You can accept most of the defaults.  You only need to pay attention to the byte ordering--it is Row Major, MSB First--and the space character, which is always done. Droid Sans Mono is a monospaced font;  this is the best choice for a clock and a good choice for nearly all applications.  The app can also create a separate descriptor array, which provides a fast index into font arrays that might have a few hundred glyphs in them.  Descriptors aren't used in my program.  After configuring the options, you're ready to generate the code.

    And there is our font code!  I chose to include all the glyphs of Droid Sans Mono--there's plenty of ROM in the Discovery Kit--a megabyte's worth!  My clock has two different font sizes.  Just copy and paste the code into your text editor.

    There are just a few more things to do.  We need to copy the font code file into the project directory, but first we need to put in an include to "fonts.h" and create a struct object that describes the font to the graphics API.

    Excerpt of fonts.h:

    typedef struct _tFont
      const uint8_t *table;
      uint16_t Width;
      uint16_t Height;
    } sFONT;
    extern sFONT DroidSansMono28;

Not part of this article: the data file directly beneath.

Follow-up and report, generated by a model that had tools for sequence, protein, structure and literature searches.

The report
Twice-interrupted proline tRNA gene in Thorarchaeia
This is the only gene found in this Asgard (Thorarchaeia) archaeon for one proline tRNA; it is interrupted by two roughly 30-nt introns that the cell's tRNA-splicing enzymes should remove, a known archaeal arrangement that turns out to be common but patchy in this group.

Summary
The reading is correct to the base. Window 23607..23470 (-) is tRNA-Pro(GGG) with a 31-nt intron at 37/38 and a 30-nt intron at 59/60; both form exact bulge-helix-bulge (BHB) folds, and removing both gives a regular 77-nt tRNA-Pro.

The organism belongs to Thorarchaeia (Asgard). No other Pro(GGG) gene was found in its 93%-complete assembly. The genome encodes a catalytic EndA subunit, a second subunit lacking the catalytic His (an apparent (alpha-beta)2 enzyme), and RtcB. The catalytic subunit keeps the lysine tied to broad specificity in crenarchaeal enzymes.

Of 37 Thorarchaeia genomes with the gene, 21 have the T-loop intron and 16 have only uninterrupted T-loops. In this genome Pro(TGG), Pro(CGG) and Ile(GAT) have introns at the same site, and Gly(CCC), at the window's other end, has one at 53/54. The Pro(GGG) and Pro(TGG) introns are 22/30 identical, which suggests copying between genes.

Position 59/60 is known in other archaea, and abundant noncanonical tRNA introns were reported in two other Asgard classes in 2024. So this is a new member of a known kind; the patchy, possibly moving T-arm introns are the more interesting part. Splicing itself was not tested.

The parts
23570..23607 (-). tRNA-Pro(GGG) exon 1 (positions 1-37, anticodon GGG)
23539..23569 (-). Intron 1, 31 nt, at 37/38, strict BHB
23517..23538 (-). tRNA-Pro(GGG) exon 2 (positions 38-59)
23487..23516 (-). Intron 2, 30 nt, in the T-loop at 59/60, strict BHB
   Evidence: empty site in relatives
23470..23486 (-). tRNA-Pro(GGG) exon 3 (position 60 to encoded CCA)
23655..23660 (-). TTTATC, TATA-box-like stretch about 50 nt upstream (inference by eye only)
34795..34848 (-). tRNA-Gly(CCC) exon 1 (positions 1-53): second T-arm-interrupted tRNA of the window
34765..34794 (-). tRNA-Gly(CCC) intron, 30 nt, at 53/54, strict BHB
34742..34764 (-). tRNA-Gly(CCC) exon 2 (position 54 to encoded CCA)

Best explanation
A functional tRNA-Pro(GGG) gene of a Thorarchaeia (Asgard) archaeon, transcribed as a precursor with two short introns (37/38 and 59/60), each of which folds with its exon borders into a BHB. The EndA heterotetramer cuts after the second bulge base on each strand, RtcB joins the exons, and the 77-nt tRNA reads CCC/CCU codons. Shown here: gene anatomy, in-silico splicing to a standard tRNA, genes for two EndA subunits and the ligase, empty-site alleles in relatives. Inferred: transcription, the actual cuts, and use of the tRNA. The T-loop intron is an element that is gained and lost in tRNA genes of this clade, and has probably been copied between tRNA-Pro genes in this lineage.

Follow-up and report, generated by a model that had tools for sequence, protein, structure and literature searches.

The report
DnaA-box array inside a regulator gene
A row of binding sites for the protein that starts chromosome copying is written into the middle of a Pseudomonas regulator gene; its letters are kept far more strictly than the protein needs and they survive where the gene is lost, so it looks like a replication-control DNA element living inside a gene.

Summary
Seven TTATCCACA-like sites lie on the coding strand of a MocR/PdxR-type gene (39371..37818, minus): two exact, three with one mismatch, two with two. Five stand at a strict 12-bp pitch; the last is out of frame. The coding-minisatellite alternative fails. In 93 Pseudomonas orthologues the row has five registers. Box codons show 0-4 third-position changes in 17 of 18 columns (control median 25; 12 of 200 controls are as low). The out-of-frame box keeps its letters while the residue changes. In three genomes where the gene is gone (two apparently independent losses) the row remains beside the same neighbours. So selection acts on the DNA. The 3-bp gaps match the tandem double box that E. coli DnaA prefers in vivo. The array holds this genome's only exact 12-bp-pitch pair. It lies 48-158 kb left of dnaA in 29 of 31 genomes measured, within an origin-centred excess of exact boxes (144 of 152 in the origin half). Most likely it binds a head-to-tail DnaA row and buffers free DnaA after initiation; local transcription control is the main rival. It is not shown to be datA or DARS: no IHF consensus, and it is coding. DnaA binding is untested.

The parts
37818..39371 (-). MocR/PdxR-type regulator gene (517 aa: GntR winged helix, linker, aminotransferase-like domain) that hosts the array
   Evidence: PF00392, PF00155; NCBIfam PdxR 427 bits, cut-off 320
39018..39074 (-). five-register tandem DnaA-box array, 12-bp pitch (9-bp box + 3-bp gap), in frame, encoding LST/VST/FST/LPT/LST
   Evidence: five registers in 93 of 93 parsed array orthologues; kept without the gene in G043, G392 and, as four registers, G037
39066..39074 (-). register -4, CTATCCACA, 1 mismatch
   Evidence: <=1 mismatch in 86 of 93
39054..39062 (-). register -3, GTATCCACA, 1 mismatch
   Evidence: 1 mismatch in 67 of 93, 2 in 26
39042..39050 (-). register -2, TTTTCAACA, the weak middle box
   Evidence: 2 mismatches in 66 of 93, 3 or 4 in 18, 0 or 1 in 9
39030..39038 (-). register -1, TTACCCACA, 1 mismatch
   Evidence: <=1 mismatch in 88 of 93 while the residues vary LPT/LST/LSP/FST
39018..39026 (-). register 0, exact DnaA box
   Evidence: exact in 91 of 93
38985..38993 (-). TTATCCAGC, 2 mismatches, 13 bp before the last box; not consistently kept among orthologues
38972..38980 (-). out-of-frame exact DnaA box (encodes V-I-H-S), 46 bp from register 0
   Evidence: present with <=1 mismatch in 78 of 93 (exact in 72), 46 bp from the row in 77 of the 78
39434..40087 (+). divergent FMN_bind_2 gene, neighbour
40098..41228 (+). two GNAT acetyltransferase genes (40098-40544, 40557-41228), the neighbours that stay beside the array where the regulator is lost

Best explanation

extern sFONT DroidSansMono20;

    And DroidSansMono28:

    /* Character bitmaps for Droid Sans Mono 28pt */
    const uint8_t droidSansMono_28ptBitmaps[] = 
    	/* @111 '!' (22 pixels wide) */
    	0x00, 0x00, 0x00, //                       
    	0x00, 0x00, 0x00, //                       
    	0x00, 0x78, 0x00, //          ####         
    	0x00, 0x78, 0x00, //          ####         
    	0x00, 0x78, 0x00, //          ####         
    	0x00, 0x78, 0x00, //          ####         
    	0x00, 0x38, 0x00, //           ###         
    	0x00, 0x38, 0x00, //           ###         
    	0x00, 0x38, 0x00, //           ###         
    	0x00, 0x38, 0x00, //           ###         
    	0x00, 0x38, 0x00, //           ###         
    	0x00, 0x38, 0x00, //           ###         
    	0x00, 0x38, 0x00, //           ###         
    	0x00, 0x38, 0x00, //           ###         
    	0x00, 0x38, 0x00, //           ###         
    	0x00, 0x38, 0x00, //           ###         
    	0x00, 0x38, 0x00, //           ###         
    	0x00, 0x38, 0x00, //           ###         
    	0x00, 0x38, 0x00, //           ###         
    	0x00, 0x30, 0x00, //           ##          
    	0x00, 0x30, 0x00, //           ##          
    	0x00, 0x00, 0x00, //                       
    	0x00, 0x00, 0x00, //                       
    	0x00, 0x00, 0x00, //                       
    	0x00, 0x38, 0x00, //           ###         
    	0x00, 0x78, 0x00, //          ####         
    	0x00, 0x7C, 0x00, //          #####        
    	0x00, 0x78, 0x00, //          ####         
    	0x00, 0x38, 0x00, //           ###         
    	0x00, 0x00, 0x00, //